The city of Durban’s hosting of Africa’s Travel Indaba is projected to significantly boost the city’s economy via both direct and indirect spend generated by the event.
Councillor Sipho Kaunda, Chairperson of the City of eThekwini’s Economic and Planning committee, says: “The city is expecting to receive 7 000 visitors. We anticipate that this will generate direct spend of R40m (€2.5m) with an estimated contribution to the city’s GDP of R80m (€5m).”
However, as Amanda Kotze-Nhlapo, Chief Convention Bureau Officer of the South African National Convention Bureau (SANCB), explains, direct spend is not the only marker of a major event’s financial impact on a city’s economy, as the city’s value chain will be equally affected by the influx of buyers, exhibitors and visitors.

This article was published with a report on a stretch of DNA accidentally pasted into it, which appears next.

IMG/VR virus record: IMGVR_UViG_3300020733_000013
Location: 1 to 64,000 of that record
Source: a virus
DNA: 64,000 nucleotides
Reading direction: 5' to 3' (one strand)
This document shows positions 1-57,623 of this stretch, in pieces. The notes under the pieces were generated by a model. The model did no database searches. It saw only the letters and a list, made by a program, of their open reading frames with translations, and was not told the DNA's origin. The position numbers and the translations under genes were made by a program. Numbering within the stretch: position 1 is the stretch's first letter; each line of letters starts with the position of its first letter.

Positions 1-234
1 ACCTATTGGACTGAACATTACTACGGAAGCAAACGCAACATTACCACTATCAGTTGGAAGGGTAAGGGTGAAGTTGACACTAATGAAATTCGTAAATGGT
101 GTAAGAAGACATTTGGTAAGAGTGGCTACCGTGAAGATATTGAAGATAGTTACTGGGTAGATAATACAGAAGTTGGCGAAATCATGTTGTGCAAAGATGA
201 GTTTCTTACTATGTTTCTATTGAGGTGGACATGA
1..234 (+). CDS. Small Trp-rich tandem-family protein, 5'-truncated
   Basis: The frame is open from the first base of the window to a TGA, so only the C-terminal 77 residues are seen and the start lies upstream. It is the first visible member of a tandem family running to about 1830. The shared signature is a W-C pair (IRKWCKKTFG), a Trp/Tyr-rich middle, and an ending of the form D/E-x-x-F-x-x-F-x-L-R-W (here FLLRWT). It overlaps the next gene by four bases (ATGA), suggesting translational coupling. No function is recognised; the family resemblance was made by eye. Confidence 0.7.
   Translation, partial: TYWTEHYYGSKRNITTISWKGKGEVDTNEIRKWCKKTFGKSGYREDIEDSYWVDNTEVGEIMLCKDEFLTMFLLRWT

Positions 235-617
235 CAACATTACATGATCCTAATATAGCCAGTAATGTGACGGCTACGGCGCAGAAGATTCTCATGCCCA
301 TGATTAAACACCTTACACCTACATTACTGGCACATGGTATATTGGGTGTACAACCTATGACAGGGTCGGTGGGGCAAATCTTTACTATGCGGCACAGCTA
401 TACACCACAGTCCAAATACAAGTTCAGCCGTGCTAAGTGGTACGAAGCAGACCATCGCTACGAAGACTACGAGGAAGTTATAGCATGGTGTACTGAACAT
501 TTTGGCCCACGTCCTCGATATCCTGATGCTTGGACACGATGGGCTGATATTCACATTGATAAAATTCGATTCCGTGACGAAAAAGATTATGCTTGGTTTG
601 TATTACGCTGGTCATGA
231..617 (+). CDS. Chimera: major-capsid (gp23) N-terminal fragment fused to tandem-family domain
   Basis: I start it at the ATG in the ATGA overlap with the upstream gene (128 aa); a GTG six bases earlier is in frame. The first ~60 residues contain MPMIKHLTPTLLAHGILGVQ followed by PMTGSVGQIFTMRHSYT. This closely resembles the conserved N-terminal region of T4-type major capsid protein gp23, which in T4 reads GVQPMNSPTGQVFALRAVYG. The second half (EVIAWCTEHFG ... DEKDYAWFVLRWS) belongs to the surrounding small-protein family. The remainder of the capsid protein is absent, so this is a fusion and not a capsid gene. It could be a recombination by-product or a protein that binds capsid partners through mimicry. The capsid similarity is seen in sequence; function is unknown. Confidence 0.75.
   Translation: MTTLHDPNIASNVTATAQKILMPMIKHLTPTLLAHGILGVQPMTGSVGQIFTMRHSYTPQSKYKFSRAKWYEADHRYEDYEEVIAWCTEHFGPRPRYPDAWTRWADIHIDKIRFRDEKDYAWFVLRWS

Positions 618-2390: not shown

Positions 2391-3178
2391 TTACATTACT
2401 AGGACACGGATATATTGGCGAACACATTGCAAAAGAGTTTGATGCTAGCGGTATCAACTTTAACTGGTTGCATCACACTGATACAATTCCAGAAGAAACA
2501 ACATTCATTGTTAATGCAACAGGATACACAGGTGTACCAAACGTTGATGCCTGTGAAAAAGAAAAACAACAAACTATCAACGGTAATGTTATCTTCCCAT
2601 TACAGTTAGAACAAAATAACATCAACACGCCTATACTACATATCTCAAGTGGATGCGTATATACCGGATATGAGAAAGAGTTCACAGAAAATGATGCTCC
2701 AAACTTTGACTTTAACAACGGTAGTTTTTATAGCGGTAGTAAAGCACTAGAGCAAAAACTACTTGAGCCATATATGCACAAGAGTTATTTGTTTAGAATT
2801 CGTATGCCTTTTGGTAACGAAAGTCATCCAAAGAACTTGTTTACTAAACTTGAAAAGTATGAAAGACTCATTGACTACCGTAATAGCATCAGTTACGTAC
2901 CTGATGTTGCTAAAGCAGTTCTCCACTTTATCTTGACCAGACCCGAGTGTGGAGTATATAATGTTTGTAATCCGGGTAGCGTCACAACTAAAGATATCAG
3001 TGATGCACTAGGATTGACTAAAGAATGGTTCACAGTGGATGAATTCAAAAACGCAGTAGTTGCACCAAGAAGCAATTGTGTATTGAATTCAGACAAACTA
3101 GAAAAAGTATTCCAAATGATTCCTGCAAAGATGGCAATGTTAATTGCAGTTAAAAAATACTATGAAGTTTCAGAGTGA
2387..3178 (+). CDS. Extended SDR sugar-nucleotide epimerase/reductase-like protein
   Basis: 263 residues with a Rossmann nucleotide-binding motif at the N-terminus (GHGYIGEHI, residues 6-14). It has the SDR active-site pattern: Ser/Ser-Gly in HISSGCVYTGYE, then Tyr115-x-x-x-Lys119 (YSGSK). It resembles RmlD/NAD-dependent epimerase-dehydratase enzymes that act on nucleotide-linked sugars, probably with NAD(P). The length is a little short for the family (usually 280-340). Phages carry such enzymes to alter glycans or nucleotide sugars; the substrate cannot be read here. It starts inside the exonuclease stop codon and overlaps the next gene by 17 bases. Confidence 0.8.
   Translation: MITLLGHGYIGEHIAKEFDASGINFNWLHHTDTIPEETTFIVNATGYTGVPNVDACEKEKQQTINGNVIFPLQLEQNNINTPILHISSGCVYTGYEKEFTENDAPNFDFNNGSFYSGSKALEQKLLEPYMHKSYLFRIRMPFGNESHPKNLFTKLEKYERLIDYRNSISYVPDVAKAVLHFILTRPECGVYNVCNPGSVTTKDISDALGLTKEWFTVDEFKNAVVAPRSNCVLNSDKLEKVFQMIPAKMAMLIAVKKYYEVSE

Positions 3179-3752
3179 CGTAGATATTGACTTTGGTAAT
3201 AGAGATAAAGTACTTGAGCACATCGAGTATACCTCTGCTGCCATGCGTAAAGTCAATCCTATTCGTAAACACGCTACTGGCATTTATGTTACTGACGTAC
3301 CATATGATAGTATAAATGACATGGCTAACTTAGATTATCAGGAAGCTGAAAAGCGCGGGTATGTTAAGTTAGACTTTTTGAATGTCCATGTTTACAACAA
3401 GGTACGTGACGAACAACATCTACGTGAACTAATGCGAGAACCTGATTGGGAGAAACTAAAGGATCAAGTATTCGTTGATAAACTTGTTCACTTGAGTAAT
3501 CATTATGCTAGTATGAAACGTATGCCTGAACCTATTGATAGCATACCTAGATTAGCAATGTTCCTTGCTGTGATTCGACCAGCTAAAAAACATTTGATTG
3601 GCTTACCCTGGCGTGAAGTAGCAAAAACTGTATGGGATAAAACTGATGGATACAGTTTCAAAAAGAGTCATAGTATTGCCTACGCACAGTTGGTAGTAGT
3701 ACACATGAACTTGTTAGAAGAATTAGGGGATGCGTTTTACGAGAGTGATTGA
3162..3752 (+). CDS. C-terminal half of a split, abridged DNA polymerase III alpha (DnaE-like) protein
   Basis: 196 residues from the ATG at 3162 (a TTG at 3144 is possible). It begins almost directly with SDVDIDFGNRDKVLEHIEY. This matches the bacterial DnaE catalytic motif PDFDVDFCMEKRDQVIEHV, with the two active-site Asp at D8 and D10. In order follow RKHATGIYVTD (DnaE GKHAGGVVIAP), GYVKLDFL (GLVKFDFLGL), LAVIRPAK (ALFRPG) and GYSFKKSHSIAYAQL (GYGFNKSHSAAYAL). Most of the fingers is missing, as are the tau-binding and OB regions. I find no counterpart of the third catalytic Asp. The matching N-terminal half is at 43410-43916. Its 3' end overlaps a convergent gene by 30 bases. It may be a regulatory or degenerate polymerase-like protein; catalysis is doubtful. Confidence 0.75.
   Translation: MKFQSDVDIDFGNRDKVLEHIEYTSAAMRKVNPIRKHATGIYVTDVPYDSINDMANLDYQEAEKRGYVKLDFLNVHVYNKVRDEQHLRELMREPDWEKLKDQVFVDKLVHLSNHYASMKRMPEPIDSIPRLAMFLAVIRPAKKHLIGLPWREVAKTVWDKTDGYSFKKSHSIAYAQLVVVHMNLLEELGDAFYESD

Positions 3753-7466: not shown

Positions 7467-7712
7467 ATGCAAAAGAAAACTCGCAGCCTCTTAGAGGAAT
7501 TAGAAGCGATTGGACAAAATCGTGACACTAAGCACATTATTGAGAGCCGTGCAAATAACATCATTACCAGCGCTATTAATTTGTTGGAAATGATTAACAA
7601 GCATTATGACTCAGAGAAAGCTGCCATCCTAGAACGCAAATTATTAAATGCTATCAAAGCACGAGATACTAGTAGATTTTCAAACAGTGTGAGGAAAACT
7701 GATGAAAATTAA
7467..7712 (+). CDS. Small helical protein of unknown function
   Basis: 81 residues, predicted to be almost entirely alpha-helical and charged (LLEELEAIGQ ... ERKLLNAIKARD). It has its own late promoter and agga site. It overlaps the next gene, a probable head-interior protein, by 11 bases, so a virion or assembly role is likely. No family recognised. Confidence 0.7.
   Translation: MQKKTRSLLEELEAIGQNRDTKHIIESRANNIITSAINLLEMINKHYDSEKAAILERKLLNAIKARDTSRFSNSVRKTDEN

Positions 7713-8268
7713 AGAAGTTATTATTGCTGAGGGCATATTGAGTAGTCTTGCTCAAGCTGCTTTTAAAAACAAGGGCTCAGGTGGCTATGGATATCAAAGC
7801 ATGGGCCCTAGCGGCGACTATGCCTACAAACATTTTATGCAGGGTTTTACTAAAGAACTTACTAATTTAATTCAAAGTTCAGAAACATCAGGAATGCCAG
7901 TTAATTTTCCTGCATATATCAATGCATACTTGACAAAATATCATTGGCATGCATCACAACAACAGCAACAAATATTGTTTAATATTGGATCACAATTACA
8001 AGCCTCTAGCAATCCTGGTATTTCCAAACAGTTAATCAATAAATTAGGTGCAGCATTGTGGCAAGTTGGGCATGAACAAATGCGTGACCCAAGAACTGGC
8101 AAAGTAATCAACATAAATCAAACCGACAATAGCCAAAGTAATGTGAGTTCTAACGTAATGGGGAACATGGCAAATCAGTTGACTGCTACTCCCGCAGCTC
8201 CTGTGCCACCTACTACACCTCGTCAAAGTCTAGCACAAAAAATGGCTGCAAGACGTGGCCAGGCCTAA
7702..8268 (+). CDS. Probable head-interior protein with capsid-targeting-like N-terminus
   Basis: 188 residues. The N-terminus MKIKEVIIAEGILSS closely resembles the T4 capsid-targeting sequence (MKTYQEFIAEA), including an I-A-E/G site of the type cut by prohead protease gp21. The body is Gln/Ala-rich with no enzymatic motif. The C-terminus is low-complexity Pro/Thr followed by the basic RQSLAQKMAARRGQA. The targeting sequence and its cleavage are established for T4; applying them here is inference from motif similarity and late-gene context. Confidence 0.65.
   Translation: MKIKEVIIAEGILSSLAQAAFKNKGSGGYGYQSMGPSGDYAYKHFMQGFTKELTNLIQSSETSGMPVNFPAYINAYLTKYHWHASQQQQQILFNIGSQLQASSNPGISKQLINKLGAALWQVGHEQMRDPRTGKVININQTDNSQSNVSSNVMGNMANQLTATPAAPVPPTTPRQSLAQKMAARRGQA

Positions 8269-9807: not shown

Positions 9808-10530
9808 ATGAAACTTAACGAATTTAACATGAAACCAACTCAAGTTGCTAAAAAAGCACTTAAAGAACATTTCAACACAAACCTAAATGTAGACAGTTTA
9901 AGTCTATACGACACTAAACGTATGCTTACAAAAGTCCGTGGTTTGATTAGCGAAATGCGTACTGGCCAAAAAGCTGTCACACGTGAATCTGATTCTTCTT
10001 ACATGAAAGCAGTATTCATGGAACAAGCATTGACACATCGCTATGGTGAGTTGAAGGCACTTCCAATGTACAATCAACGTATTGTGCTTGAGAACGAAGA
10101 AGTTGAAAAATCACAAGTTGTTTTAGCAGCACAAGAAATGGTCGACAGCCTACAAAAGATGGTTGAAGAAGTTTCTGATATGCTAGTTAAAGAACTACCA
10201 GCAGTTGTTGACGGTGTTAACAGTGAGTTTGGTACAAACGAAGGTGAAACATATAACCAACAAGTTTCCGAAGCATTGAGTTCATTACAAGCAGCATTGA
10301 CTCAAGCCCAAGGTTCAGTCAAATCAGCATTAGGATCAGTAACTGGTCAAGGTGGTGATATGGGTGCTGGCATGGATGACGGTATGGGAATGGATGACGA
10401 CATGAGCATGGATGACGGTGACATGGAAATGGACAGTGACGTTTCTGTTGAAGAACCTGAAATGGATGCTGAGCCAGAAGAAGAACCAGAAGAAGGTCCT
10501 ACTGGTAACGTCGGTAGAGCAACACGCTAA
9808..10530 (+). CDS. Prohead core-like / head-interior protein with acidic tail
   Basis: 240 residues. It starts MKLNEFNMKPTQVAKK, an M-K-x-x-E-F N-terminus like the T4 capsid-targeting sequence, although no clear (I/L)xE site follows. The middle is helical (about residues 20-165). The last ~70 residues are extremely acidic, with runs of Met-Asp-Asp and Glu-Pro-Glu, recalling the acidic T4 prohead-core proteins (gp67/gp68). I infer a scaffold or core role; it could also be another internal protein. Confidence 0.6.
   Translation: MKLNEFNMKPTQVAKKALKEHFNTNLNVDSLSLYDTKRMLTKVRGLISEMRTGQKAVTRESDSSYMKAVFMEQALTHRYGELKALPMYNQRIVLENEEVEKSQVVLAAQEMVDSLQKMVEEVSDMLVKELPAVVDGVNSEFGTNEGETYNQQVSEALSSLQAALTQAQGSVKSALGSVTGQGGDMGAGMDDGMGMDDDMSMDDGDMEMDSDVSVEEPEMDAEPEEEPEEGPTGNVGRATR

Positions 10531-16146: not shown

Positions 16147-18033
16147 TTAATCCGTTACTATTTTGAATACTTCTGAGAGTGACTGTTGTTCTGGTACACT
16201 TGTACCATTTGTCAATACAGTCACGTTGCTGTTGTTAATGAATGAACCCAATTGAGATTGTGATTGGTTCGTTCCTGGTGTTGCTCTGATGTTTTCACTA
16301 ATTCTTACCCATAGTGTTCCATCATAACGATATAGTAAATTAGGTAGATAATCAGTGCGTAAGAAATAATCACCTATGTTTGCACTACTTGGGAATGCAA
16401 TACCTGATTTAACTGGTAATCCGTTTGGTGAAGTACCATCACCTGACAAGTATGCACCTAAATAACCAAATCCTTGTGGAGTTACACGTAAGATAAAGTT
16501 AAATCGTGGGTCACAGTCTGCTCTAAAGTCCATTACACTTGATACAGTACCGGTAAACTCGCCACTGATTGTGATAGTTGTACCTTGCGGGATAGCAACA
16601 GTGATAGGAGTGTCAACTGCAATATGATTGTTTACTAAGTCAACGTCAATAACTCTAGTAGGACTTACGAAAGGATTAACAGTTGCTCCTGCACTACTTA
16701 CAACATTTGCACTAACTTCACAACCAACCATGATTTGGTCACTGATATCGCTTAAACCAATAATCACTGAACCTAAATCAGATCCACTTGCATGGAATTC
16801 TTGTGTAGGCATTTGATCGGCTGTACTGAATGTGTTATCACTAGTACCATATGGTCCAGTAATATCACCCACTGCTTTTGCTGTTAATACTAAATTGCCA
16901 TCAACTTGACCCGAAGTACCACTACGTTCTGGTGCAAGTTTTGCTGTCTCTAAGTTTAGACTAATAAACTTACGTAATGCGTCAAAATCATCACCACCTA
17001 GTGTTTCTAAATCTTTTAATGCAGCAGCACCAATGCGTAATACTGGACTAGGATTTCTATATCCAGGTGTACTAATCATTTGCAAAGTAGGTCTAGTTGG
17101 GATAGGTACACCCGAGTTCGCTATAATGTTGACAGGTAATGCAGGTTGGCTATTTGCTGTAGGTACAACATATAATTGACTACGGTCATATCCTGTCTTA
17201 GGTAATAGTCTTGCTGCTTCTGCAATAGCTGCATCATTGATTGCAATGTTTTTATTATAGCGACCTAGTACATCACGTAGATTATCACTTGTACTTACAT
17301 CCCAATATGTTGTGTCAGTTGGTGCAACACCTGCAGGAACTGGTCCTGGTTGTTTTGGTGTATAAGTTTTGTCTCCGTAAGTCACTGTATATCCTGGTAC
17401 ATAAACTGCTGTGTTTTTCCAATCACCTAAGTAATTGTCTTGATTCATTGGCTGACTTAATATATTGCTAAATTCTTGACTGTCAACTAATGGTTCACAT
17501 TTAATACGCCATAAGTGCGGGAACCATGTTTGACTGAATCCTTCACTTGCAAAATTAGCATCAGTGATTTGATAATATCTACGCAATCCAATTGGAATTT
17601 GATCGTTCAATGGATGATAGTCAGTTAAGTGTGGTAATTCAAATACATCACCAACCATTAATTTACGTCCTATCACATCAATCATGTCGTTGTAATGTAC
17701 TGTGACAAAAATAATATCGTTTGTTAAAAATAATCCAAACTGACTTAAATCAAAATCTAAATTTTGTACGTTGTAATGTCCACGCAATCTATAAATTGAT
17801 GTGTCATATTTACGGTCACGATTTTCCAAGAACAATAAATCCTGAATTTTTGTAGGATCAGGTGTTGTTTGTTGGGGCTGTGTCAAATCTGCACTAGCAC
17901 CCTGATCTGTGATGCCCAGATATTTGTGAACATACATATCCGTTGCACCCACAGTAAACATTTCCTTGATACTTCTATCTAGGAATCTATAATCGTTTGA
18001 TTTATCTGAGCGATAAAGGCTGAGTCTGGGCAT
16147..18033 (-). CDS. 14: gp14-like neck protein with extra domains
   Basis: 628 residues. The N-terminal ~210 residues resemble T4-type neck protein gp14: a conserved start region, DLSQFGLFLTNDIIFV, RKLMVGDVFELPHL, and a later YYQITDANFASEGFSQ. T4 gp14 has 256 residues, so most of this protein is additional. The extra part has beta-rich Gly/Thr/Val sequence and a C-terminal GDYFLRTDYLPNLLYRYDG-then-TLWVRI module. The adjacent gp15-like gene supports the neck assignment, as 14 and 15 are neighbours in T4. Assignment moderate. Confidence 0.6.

Kotze-Nhlapo says: “I think like any other big event, but specifically because we are in the tourism industry, it’s really the whole value chain. Sometimes I think we don’t even measure it. We are very modest when we talk about measuring the over R50m (€3.2m) that comes in here. But if you just think of a laundromat. Are we measuring that laundromat? We actually all do tourism, and when these kinds of big events come, everybody is really there.”
“This year, we even want to have some activations in places like Florida Road, where people can go and experience what the area has to offer. We know that we are at the same time as, for instance first Thursdays, and so how do we bring that in? So I think we do measure and will again measure direct spend, but then there’s all the peripheral spend that is way beyond that direct spend that we have,” says Kotze-Nhlapo.
This year’s Indaba already has 1 110 local, regional and International buyers confirmed for the event, alongside 890 confirmed exhibitors and 104 confirmed African exhibitors from 19 countries. “The above numbers clearly demonstrate that Indaba continues to grow and be the sought-after platform for African tourism products,” concludes Kotze-Nhlapo.